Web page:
The choice to dedicate the city of Florence to St John as its patron dates back to around the 6th-7th century. We have only had certainty about the choice of San Giovanni since the 13th century, ever since the chronicles began to hand down stories telling us about celebrations held in Piazza del Duomo, around the Baptistery, to which the Florentine nobles donated richly decorated candles to burn on the day in celebration of St John. The Baptistery, a temple dedicated to the god Mars in antiquity, was founded between the 4th and 5th centuries AD. The first definite stories found in writing, date back to March 897, describing it as a baptismal font and as a Cathedral. In 1059, Pope Nicholas II consecrated it a Basilica and, in 1128, it became a Baptistery only. This was also the ancient location of "the investiture of knights and poets" as Dante tells us in the 25th canto of Paradise.
The Baptistery is octagonal in shape and conceals mysteries and tales. The Last Judgment is depicted in mosaic above three of the segments of the dome, dominated by the great figure of Christ: beneath his feet, the resurrection of the dead is taking place, on his right the righteous are welcomed into heaven by biblical patriarchs, while on his left there is hell with its devils. The other five segments are divided into a further four horizontal registers, where the figures depicted, starting from the top, are: stories of the Genesis, stories of Joseph, stories of the Virgin Mary and of Christ and stories of St John the Baptist.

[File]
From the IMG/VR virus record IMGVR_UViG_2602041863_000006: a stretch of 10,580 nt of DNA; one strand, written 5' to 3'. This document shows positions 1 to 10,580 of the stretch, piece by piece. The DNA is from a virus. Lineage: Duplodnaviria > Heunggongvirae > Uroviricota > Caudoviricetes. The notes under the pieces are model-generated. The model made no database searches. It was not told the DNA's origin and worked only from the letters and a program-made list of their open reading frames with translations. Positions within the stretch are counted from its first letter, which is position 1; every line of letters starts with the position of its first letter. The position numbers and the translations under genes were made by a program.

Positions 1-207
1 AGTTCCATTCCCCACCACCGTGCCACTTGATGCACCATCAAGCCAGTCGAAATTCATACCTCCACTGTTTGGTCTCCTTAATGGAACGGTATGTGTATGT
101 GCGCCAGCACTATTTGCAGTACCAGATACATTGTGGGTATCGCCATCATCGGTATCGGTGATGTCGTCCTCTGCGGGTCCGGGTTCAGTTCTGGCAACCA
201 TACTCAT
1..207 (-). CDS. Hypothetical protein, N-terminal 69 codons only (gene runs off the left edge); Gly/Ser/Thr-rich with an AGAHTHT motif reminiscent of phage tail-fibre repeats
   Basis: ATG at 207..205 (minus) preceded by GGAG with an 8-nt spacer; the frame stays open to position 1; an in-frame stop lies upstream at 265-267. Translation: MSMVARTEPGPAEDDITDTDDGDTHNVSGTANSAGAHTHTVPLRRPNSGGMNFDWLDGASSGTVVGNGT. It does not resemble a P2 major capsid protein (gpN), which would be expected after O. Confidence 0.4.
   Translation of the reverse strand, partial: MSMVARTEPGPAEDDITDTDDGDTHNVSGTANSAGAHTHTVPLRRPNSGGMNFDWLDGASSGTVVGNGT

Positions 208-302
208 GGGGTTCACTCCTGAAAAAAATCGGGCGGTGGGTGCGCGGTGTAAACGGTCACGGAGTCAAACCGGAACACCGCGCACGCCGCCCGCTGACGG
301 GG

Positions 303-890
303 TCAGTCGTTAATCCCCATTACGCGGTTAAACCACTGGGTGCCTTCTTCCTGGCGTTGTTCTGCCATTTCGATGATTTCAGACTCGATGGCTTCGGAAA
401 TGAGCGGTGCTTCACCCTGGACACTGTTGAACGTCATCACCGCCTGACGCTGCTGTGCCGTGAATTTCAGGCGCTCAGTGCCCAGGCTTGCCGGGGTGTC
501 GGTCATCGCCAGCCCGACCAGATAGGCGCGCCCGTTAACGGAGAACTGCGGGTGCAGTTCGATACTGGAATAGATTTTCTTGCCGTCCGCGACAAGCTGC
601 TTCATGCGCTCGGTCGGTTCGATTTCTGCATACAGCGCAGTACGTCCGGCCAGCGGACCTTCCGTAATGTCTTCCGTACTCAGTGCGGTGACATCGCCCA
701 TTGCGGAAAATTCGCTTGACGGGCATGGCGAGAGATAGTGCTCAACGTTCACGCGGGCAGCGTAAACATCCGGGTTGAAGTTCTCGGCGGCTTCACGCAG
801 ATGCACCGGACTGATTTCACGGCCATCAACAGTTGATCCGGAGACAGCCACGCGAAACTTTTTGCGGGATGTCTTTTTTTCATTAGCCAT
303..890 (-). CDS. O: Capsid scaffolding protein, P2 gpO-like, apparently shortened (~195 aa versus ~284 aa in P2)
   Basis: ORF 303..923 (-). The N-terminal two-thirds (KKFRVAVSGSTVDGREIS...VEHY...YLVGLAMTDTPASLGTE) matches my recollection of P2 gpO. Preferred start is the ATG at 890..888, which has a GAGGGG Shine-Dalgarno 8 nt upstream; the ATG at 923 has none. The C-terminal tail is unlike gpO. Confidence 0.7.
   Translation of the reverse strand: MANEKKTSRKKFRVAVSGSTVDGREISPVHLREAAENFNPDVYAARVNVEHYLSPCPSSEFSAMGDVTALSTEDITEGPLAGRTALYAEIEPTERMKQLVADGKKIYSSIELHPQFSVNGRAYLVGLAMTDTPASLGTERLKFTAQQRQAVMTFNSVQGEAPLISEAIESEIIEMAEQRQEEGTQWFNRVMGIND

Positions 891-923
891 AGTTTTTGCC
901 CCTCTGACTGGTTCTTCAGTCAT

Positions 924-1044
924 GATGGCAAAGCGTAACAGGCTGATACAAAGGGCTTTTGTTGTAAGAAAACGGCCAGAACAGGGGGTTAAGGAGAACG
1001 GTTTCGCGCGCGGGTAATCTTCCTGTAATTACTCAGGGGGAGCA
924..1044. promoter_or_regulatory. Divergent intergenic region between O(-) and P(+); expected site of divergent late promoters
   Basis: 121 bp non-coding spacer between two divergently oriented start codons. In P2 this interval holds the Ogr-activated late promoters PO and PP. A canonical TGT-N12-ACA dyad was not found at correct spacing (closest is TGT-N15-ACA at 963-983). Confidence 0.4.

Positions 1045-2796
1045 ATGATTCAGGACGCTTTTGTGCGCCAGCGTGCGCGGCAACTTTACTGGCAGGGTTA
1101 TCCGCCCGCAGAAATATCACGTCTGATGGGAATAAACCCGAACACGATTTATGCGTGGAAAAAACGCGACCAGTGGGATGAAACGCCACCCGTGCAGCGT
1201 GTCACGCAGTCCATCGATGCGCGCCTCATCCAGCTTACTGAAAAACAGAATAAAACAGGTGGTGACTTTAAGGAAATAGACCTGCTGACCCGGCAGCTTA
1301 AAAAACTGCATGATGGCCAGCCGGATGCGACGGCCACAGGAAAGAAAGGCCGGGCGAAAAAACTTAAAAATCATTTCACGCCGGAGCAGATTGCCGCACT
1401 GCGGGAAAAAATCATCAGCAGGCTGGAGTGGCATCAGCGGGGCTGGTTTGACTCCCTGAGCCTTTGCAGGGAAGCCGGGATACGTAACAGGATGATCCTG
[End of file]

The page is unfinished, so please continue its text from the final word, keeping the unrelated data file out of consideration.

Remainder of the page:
A curious fact regarding the great funeral monument is that it contains the remains of Pope John XXIII, whose name was Baldassarre Cossa (1370-1419) and was better known as the antipope, the one who was accused of being a poisoner and of having sold his soul to the devil. Protected by Giovanni di Bicci de' Medici and by Cosimo the Elder, he was deposed during the Council of Constance in 1415.
When leaving the Baptistery, the green and white marble, the beauty of which stands out now, following renovation work, is interrupted by three bronze doors decorated with bas-relief tiles. The South Doors were built by Andrea Pisano between 1330 and 1336, the North Door and the East Door, known as the Gates of Paradise, are the work of Ghiberti and his workshop during the Renaissance period.